1 1 Margaret Gill Margaret Gill was born in 1923, and contracted polio at the age of four. She was in hospital for two years for a series of remedial operations, but was left with a partial paralysis of her limbs and a spinal scoliosis. Owing to long periods of ill-health during childhood Mrs Gill s education was sketchy, but this has been remedied to a large extent by copious reading. For twenty-two years she worked in the X-ray Department of a County General Hospital, and was personal secretary to the Senior Consultant Radiologist when she wrote this essay. In November 1965 she married the Rev. Robert Gill, rector of Hertford parish church. Mrs Gill has written scripts for parish entertainments and hospital concerts. Her special interest is cooking, and she is also a keen photographer and artist. No Small Miracle (Chapter 8 in Hunt, P. (ed.) 1966: Stigma: The Experience of Disability, London: Geoffrey Chapman). 'Deformed, unfinished... that dogs bark at me as I halt by them.' MOST OF US will recognize this quotation from Shakespeare's play Richard III. Poor King Richard, to possess so much by position and power, and yet to find so little to sweeten the bitterness of disablement. No one to trust; no one to care for; and no one to care for him in return. Leaving aside the historical drama of the play, I am always impressed by Shakespeare's apparent insight into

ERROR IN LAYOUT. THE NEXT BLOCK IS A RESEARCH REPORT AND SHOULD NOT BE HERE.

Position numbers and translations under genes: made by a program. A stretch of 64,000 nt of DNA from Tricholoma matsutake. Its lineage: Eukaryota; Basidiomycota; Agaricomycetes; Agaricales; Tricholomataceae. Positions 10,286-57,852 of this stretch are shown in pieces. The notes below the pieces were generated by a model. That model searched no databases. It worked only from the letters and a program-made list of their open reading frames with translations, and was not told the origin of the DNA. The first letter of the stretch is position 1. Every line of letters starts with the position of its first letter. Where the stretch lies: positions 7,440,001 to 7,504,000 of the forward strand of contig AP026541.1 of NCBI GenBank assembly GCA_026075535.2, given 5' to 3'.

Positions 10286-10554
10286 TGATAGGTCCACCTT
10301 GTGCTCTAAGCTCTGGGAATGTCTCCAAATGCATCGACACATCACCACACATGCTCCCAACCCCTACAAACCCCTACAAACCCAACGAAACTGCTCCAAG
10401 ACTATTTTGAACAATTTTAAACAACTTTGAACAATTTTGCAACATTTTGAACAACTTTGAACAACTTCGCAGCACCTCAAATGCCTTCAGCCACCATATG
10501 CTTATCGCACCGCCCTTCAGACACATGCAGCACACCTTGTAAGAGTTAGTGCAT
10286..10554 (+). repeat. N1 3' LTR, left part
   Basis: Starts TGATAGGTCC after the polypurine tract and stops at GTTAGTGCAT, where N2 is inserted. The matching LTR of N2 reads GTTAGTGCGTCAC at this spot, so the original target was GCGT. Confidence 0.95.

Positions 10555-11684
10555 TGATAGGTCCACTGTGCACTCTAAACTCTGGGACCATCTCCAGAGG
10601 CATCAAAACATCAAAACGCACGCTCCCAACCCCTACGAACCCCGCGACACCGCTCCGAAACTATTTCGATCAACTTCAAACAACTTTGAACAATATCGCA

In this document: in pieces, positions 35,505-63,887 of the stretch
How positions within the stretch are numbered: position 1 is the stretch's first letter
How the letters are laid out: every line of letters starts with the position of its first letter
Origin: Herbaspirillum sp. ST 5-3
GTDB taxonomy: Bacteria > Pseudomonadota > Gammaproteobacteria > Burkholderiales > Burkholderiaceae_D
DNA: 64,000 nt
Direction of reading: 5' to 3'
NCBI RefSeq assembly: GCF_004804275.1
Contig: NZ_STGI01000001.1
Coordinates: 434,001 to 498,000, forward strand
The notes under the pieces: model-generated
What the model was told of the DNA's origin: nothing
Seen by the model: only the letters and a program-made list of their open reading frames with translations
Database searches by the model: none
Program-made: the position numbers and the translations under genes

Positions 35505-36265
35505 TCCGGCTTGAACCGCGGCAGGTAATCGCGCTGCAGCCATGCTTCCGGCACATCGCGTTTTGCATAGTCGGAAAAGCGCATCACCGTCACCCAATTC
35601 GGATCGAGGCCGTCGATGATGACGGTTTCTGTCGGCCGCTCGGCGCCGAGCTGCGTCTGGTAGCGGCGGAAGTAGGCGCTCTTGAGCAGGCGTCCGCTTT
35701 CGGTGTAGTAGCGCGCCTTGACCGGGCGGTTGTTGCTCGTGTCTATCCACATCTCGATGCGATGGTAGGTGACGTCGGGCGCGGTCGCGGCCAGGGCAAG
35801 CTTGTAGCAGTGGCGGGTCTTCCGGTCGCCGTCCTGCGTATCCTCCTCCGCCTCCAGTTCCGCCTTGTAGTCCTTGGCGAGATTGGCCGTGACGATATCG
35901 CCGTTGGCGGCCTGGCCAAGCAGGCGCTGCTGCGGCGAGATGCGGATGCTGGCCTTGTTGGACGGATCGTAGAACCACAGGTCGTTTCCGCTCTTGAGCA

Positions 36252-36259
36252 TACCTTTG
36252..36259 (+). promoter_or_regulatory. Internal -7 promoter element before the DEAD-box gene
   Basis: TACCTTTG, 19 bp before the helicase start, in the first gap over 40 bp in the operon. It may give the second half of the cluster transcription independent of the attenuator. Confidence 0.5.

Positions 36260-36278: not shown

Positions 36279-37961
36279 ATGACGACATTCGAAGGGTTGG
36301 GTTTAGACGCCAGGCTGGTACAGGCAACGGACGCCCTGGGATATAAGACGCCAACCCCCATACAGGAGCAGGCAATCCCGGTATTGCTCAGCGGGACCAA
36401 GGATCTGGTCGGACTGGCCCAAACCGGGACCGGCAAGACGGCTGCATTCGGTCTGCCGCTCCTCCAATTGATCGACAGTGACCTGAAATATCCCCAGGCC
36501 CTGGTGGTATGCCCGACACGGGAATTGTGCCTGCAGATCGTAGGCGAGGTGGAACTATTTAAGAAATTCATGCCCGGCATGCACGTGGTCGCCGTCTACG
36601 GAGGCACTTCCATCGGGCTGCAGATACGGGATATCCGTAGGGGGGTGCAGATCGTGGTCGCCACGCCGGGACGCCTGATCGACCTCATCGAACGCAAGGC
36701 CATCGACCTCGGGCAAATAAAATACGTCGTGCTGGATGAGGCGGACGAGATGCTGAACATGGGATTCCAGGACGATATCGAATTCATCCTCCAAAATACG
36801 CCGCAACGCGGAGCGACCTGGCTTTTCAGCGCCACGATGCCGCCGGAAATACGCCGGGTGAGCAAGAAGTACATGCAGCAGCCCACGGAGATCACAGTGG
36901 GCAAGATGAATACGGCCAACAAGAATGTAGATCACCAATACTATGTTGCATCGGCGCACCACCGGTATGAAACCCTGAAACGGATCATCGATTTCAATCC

2 2 the thoughts of the disabled. The bitter acceptance of his disablement shows again and again in Richard's speeches. I do not suppose for a moment that dogs actually barked at him, but such an exaggeration is rather typical of the disabled. We tend, when very despondent, to exaggerate our deformity in the hope of hearing our exaggeration contradicted. We speak disparagingly of our physical appearance, hoping that our listener will give the right answer-the kindly, slightly flattering one that soothes our sore heart and boosts our shaky self-confidence. One often finds, however, that a frank appraisal of one's appearance gets a frank answer in return: and illogically we don't like the truth, and the bitter weed of self-pity, latent in all of us, healthy and disabled alike, grows a little stronger. I think it very difficult for anyone disabled in early childhood to avoid being spoilt. A handicapped child is almost always surrounded with love; encouraged and praised for each step forward; flattered and applauded for any progress he makes. Frequently the praise received is quite out of proportion to the success achieved. One might be thought correct in saying 'rightly so', for being disabled is very hard work, make no mistake about it, and the victim needs all the encouragement he or she can get; but it does lay the foundation stone of pride, and the child grows used to praise and adulation. The very early school years may not be so painful to his self-esteem; but later on the disabled child comes up against the harshness of 'normal' society and the cruelty of other children. And here, for perhaps the first time in his cosseted life, he becomes conscious of the shame of disablement and the knowledge of being different'. He finds other children just can't be bothered to give him the praise and encouragement he is used to, and the first rebellion at disablement creeps in. The 'I wants' of